Ladakh is a land like no other. Bounded by two of the world’s mightiest mountain ranges, the Great Himalaya and the Karakoram, “land of high passes” is a region of Jammu and Kashmir, the northernmost state of the Republic of India. It lies between the Kunlun mountain range in the north and the main Great Himalayas to the south, inhabited by people of Indo-Aryan and Tibetan descent. Ladakh is renowned for its remote mountain beauty and culture.
Destination: Delhi – Leh – Ule – Lamayuru – Nubra Valley – Pangong Lake – Leh – Delhi
In the west part of Ladakh, Alchi and Lamayuru are two well-known Buddhist monasteries along the Indus valley. This part of Ladakh is also known as “Sham” which actually means “West” in the Ladakhi language. There are other monasteries that are worth a visit such as Likir, Basgo, and Rizong. You should not miss the Sangam viewpoint to admire the confluence of the Indus and Zanskar rivers. Closer to Leh, Gurdwara Pathar Sahib is a Sikh temple that houses a holy stone. A few kilometers further on the Leh-Srinagar highway, you will not believe your eyes when your driver stops at the intriguing Magnetic Hill! Head to the remote Dha‑Hanu valley if you want to meet the Brokpa people and discover their unique culture and traditions.
Just 40 km from Leh, the Hemis monastery is the largest monastery in Ladakh. Between Leh and Hemis, there are other interesting monasteries such as Thiksey, Shey and Stakna scattered on each side of the Indus river. If you are interested in the royal history of Ladakh, you should plan a visit to the Stok Palace museum.
Heading north from Leh, go and explore the mesmerizing Nubra valley that is accessed via Khardung La pass, the highest motorable road in the world. Visit Samstanling monastery in Sumur and the impressive Diskit gompa built on a mountainside above the village. Riding a double-humped camel at Hunder sand dunes is a once-in-a-lifetime experience. If you have more time, you could go all the way to Turtuk, a pleasant Muslim village a few kilometers from the frontier with Pakistan.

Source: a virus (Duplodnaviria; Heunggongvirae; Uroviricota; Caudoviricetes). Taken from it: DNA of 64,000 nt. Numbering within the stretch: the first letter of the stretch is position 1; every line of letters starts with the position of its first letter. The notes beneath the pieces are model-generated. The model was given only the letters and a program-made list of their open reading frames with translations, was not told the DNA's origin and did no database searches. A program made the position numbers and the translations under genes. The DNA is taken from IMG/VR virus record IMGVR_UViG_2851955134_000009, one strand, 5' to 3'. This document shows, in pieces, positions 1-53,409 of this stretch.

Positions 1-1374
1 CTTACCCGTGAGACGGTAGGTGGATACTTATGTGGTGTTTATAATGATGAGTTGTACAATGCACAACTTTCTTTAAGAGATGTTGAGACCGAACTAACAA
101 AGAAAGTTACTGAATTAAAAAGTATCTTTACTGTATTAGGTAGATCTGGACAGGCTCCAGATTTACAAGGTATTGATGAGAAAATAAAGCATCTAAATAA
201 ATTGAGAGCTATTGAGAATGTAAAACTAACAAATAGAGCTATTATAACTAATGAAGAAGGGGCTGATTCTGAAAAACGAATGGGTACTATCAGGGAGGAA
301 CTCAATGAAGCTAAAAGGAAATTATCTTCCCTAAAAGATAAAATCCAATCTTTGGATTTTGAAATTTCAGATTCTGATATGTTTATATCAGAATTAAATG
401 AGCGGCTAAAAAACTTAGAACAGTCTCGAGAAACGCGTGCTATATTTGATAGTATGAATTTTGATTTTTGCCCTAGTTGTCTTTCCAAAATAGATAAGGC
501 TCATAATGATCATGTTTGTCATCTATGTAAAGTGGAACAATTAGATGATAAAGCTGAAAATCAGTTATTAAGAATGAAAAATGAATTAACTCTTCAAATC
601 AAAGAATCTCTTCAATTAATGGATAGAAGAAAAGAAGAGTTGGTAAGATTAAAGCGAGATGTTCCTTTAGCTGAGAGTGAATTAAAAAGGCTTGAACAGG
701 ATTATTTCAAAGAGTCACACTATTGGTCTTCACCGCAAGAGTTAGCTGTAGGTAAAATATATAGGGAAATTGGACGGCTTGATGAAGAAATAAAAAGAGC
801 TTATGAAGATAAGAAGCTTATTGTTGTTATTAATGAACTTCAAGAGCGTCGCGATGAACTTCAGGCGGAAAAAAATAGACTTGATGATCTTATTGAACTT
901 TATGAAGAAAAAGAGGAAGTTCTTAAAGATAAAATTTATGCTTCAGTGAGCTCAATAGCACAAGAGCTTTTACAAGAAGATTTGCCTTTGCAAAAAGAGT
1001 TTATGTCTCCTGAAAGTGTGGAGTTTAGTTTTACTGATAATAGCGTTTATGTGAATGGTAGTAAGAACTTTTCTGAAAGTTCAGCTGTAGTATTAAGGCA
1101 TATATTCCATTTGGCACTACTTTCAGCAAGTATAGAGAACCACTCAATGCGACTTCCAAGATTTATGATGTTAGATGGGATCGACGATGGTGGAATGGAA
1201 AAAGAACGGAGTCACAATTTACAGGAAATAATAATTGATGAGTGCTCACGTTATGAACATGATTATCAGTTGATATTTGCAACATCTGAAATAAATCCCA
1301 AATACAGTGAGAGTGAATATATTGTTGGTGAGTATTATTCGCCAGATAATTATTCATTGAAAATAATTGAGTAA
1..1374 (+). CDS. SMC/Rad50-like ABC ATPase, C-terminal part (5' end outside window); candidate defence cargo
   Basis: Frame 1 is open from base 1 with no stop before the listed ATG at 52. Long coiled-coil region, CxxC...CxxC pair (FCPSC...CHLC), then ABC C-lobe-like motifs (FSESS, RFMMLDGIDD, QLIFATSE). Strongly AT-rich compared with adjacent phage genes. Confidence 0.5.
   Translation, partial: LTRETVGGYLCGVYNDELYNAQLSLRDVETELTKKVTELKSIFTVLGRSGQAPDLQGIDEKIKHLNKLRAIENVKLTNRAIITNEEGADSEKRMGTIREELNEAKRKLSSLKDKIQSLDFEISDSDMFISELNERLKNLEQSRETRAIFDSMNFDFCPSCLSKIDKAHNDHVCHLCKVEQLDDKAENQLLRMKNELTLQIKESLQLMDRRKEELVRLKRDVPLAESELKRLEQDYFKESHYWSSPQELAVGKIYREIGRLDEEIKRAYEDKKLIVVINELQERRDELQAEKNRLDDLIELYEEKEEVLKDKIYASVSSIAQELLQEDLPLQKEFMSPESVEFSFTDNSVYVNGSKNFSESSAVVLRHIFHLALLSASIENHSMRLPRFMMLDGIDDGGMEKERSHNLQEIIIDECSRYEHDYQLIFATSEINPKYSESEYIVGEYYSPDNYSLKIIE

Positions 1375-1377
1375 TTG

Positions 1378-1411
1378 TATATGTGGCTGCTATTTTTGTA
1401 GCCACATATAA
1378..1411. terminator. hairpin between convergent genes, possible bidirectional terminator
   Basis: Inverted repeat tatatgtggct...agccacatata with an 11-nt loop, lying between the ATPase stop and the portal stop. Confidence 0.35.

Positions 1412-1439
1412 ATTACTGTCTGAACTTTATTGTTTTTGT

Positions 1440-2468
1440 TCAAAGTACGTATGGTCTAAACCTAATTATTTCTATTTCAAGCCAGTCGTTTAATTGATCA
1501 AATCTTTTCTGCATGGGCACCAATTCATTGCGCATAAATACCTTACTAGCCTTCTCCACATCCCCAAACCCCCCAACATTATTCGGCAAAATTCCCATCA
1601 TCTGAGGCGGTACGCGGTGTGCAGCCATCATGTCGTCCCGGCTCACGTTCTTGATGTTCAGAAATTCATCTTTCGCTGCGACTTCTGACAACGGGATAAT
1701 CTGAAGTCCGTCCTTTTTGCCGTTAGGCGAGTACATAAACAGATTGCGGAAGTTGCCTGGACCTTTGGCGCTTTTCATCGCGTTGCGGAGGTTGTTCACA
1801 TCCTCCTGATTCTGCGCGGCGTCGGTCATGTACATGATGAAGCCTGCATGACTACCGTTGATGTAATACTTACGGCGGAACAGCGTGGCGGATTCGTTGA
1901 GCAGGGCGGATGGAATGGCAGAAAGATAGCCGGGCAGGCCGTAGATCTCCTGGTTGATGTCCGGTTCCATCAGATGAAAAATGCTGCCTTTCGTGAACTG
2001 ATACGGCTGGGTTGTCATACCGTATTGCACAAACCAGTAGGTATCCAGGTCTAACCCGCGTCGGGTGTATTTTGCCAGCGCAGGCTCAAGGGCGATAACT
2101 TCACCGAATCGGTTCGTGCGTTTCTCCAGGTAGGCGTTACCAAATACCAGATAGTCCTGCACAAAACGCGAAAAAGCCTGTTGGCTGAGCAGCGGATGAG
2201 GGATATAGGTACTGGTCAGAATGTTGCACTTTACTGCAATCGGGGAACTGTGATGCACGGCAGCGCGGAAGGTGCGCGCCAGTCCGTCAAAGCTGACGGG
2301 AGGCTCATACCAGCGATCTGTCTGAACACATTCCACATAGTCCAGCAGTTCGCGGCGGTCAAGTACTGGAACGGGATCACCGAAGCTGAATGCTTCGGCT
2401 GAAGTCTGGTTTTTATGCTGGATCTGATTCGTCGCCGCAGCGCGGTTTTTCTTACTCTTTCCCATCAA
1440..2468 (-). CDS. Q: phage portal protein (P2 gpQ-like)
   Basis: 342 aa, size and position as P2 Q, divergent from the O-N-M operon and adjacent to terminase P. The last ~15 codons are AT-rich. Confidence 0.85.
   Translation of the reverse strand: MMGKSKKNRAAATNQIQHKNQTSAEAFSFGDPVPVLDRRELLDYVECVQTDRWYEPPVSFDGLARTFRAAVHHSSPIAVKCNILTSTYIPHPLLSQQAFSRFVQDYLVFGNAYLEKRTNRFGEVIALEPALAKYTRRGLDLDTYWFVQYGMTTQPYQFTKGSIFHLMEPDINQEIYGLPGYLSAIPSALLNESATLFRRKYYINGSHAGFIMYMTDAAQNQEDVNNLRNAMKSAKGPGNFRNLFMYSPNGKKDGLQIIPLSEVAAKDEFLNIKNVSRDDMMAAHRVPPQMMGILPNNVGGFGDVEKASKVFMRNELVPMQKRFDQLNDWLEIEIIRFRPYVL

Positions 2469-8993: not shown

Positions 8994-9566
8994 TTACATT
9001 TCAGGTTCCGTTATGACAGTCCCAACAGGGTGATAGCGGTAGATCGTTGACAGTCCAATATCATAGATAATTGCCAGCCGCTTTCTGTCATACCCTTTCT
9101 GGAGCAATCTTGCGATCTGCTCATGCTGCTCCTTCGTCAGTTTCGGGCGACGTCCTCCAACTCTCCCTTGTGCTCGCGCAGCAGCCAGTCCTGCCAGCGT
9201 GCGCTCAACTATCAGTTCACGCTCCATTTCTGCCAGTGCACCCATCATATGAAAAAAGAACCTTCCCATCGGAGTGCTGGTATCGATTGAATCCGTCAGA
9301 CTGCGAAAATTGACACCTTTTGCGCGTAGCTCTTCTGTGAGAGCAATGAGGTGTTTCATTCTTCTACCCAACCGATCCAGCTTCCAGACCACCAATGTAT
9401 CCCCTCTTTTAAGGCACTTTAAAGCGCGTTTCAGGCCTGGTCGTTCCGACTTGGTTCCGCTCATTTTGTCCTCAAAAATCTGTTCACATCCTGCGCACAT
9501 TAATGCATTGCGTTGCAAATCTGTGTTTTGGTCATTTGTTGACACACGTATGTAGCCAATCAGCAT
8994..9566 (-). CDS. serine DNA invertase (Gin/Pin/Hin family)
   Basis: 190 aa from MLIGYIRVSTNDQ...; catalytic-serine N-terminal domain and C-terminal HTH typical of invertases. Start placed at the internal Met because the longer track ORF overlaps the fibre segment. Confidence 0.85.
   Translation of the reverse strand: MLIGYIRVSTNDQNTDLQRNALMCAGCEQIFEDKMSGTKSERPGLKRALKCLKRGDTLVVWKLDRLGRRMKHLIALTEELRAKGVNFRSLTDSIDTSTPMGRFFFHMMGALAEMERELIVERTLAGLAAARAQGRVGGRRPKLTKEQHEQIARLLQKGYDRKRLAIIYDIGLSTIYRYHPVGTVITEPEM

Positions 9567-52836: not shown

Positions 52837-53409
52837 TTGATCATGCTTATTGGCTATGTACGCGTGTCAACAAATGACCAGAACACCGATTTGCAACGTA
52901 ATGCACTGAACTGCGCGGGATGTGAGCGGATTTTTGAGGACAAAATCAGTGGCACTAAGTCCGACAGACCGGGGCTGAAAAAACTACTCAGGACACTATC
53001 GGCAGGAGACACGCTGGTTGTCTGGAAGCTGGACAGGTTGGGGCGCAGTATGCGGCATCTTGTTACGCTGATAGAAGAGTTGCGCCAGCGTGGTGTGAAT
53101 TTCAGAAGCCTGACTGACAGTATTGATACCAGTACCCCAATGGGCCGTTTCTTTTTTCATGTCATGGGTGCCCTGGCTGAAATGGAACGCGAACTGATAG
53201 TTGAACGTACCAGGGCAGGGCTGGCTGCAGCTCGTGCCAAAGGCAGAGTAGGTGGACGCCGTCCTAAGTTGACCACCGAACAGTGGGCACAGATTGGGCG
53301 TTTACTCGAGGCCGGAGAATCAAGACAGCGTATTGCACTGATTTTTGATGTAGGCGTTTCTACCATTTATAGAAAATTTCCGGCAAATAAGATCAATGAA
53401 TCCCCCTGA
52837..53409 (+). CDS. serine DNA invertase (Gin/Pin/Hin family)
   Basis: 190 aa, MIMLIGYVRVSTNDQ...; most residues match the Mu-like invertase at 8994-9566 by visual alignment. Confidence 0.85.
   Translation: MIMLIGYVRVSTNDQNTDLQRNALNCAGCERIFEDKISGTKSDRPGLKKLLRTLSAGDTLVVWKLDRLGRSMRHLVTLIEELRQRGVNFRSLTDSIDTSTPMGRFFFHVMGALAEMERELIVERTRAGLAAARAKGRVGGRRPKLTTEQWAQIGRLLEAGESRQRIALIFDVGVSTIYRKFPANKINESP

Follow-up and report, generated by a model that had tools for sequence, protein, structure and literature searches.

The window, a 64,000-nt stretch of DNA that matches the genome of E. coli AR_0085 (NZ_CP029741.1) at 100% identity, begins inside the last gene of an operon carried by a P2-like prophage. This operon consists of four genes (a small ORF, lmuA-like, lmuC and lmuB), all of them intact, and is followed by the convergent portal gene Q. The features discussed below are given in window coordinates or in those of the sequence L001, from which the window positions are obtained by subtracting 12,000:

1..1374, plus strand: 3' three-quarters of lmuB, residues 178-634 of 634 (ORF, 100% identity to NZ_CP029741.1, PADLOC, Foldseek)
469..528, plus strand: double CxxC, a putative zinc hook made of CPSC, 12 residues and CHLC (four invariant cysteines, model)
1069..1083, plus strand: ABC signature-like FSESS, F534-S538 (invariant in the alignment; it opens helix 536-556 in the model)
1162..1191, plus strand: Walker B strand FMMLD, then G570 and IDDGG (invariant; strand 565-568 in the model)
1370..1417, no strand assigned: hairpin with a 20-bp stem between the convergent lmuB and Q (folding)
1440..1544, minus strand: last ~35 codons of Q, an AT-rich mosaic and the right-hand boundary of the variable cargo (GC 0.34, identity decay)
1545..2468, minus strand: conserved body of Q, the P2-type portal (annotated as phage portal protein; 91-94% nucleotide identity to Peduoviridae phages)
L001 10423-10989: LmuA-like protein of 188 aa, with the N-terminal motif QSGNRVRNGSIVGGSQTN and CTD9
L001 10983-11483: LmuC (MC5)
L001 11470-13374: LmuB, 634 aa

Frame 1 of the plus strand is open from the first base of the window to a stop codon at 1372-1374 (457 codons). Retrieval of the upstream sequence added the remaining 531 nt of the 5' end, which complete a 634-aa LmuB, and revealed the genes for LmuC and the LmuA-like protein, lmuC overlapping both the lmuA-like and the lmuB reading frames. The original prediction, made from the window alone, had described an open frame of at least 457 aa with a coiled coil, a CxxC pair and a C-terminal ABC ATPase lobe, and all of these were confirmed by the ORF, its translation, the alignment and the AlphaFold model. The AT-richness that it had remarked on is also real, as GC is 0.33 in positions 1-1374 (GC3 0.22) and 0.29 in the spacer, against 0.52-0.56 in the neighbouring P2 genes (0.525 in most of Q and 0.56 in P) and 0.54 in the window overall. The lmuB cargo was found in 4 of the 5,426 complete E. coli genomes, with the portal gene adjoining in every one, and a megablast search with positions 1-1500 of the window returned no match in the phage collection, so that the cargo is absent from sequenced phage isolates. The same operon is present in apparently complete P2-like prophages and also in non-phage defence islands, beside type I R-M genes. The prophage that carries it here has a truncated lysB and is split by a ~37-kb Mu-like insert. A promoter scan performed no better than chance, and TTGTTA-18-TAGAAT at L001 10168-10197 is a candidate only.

While visiting Ladakh, make sure to include at least one of the lakes in your itinerary. These lakes are located in the east part of Ladakh, on the Tibetan plateau. The breathtaking Pangong lake, where the final scene of the movie “3 Idiots” was shot, can be reached from Leh via Chang La pass or from Nubra via the small Shayok road. From Pangong, a rough road runs south over the remote Tsaga La pass to the magnificent Tso Moriri lake, the largest high-altitude lake in India. Wildlife lovers should spend time at Tso Kar Lake to observe rare Himalayan birds and other mammals.
There are two great options if you plan to leave Ladakh by road. The first option is to travel from Leh to Srinagar (Kashmir) with an overnight stay in Kargil. The other option is the unforgettable 2-day road trip from Leh to Manali (Himachal Pradesh), driving over some of the world’s highest mountain passes. The Leh-Srinagar highway is usually open from May to November and the Leh-Manali highway from June to October. For more information about these road trips, check out this page.
For more details about the places to visit in each area, check out this interactive map of Ladakh. Note that an Inner Line Permit is needed to travel to the Nubra valley, Dha-Hanu valley, Pangong Lake, and Tso Moriri lake.